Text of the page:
The emperor is perhaps crafty, clever he certainly is.
 Illa civitas nondum plane est inimica aut hostis.
  That state is not yet openly unfriendly or an enemy.
 Si homo est aegrotus, non est beatus.
  If a man is unhealthy, he is not happy.
 Amicus meus est aegrotus, beatus igitur non est.
  My friend is sickly, therefore he is not happy.
 Quamquam homo est aegrotus, interdum est beatus, sed non semper.
  Although a man is sickly, he is sometimes happy, but not always.
 firmus -a -um, firm, strong, solid.
 antīquus -a -um, old, ancient.
 compositus -a -um, quiet, demure.
 rēgius -a -um, regal, royal.
 crassus -a -um, fat, thick.
 densus -a -um, dense, thick.
 lātus -a -um, broad, wide.
 angustus -a -um, narrow, scanty.
 imperiōsus -a -um, imperious.
 mūnificus -a -um, munificent, generous.
 incautus -a -um, heedless, careless.
 credulus -a -um, credulous, that easily believes.
 constructus -a -um, built, constructed.
 exterus -a -um, outward, foreign.
 superbus -a -um, proud, brave.
 mortuus -a -um, dead.
 prīvātus -a -um, private.
 publicus -a -um, public.
 cavus -a -um, hollow, concave.
 consitus -a -um, sown, planted.
 fīdus -a -um, trusty, true.
 pestiferus -a -um, pestilent.
 situs -a -um, situated.
Your house is wholesomely situated.
  Domus tua salubriter sita est.
The long bench is too narrow.
  Scamnum longum nimis est angustum.
A trusty friend is a great treasure.
  Amicus magnus thesaurus est fidus.
The land is fat and fertile.
  Tellus crassa et fertilis est.
A field is not productive unless sown.
  Ager non est fructuosus nisi consitus.
The one globe is solid, the other hollow.
  Alter globus est solidus, alter cavus.
An imperious master is generally harsh also.
  Dominus imperiosus plerumque etiam durus est.
Love is a credulous and deceitful thing.
  Res est amor credula et mendax.
A prudent king is never proud or arrogant.
  Rex prudens superbus aut arrogans nunquam est.
The tyrant is dead, but not the tyranny.
  Tyrannus mortuus est, sed non tyrannis.
This is a public, the other a private building.
  Aedificium hoc publicum est, aliud privatum.
The forest is dense, obscure, and rugged.
  Saltus densus est, obscurus et asper.
The river is deep, but not broad.
  Fluvius est altus, sed non latus.
Rome is a very illustrious and ancient city.
  Urbs clara et antiqua Roma est.
The boy is troublesome, but the girl is docile and quiet.
  Puer est molestus, sed puella docilis et composita.
Every flower that is foreign, is not beautiful.
  Non omnis flos, qui est exterus, pulcher est.
The wall is solid and admirably constructed.
  Murus est firmus et egregie constructus.
Who so defiled as an unjust judge?
  Quis tam inquinatus quam judex injustus?
Nothing is so regal or so magnificent as clemency.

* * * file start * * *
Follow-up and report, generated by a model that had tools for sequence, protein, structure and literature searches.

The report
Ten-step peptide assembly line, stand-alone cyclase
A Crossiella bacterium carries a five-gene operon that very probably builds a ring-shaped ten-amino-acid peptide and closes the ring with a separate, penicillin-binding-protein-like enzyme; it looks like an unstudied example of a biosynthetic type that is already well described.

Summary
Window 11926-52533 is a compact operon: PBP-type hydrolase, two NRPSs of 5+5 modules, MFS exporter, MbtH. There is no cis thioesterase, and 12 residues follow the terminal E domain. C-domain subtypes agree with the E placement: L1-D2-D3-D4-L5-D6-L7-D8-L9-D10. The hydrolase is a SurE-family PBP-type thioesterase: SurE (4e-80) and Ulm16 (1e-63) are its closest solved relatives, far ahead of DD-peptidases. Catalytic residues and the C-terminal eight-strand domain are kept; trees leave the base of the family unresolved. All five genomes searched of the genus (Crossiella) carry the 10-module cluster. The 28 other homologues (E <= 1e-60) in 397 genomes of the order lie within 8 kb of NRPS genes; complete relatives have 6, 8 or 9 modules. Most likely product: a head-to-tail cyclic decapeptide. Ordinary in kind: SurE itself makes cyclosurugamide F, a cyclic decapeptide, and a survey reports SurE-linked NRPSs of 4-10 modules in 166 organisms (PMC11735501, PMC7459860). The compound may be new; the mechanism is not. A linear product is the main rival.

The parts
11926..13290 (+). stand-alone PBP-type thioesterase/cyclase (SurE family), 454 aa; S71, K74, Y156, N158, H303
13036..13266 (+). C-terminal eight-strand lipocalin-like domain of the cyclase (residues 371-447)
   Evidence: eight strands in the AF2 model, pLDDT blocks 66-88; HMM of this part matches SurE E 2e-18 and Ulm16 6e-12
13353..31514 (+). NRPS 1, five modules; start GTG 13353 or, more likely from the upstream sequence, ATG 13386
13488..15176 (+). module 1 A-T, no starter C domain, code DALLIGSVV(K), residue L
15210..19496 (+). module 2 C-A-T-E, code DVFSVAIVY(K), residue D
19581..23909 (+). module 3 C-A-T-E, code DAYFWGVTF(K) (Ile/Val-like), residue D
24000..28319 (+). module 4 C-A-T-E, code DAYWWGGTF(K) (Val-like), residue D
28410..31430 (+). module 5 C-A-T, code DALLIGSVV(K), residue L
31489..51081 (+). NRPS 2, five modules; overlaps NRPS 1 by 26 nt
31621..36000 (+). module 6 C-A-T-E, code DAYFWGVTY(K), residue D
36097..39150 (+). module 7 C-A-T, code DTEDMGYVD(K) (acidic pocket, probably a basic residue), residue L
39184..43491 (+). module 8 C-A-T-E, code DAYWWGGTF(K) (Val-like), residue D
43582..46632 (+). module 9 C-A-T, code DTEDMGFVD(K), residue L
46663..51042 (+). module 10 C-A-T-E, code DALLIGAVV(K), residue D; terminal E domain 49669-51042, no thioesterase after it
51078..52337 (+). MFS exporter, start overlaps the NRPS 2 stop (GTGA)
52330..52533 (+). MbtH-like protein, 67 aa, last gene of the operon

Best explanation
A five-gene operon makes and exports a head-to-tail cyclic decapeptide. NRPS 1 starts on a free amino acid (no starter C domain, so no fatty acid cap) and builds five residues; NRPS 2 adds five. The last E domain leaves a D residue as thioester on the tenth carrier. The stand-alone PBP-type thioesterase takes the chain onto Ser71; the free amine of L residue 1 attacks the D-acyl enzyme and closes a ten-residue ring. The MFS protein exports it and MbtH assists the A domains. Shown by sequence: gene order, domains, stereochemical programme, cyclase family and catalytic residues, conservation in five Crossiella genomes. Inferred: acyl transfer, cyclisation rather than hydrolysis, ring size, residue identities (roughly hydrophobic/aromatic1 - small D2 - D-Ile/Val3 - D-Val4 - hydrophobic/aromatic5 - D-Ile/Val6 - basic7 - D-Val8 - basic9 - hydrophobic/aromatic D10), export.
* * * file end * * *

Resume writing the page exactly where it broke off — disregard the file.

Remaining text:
Nihil est tam regium tamve magnificum quam clementia.
My pupil is by no means a heedless or negligent boy.
  Discipulus meus minime puer incautus est aut negligens.
 sum, I am.
 es, thou art, or you are.
 est, he, she, or it is.
 Homo sum.
  I am a man.
 Rex es.
  You are a king.
 Proba puella est haec.
  This is a good girl.
 Non ego sum mercator.
  I am not a merchant.
 Puer piger es.
  You are a lazy boy.
 Quid tu tristis es?
  Why are you (so) sad?
 Dux ego vester sum.
  I am your leader.
 Si tu es homo, es etiam mortalis.
  If you are a man, you are also mortal.
 Ego sum mortalis et tu quoque.
  I am a mortal, and you too.
 Discipulus probus es, si diligens es.
  You are a dutiful pupil, if you are diligent.
 Sum salvus si verus hic nuntius est.
  I am safe if this news is true.
 Ille homo est sodalis meus, et ego sum comes ejus.
  That man is my comrade, and I am his companion.
 Difficilis, facilis, negotiosus, otiosus es idem.
  You, the same person, are rude and courteous, active and indolent.
 Quando molle vinum est?
  When is wine mellow?
 Consul vir est maxime generosus et munificus.
  The consul is a most generous and munificent man.
 Nemo est tam regius tamve liberalis quam vester imperator.
  No one is so regal and munificent as your emperor.
 Haec via publica est, alia privata.
  This road is public, the other private.
 Saccharum hoc bonum est, sed aliud melius.
  This sugar is good, but the other is better.
 Ubicunque stagnans est aqua, pestifera regio est.
  Wherever there is stagnant water, the country is pestilent.
 Amicus meus nec est incautus, neque negligens.
  My friend is neither heedless nor negligent.
 Hic ager multo melius consitus est quam alter.
  This field is much better sown than the other.
 Ego sum homo, ergo sum mortalis.
  I am a man, therefore I am mortal.
 Homo sum1 igitur sum humanus.
  I am a man, therefore I am human.
 (1) Homo sum, I am a man. The personal pronouns I, thou, and you, are rendered by ego and tu. (See Lesson 38), but are generally dropped when nominative to a verb. (See Rem. Lesson 56)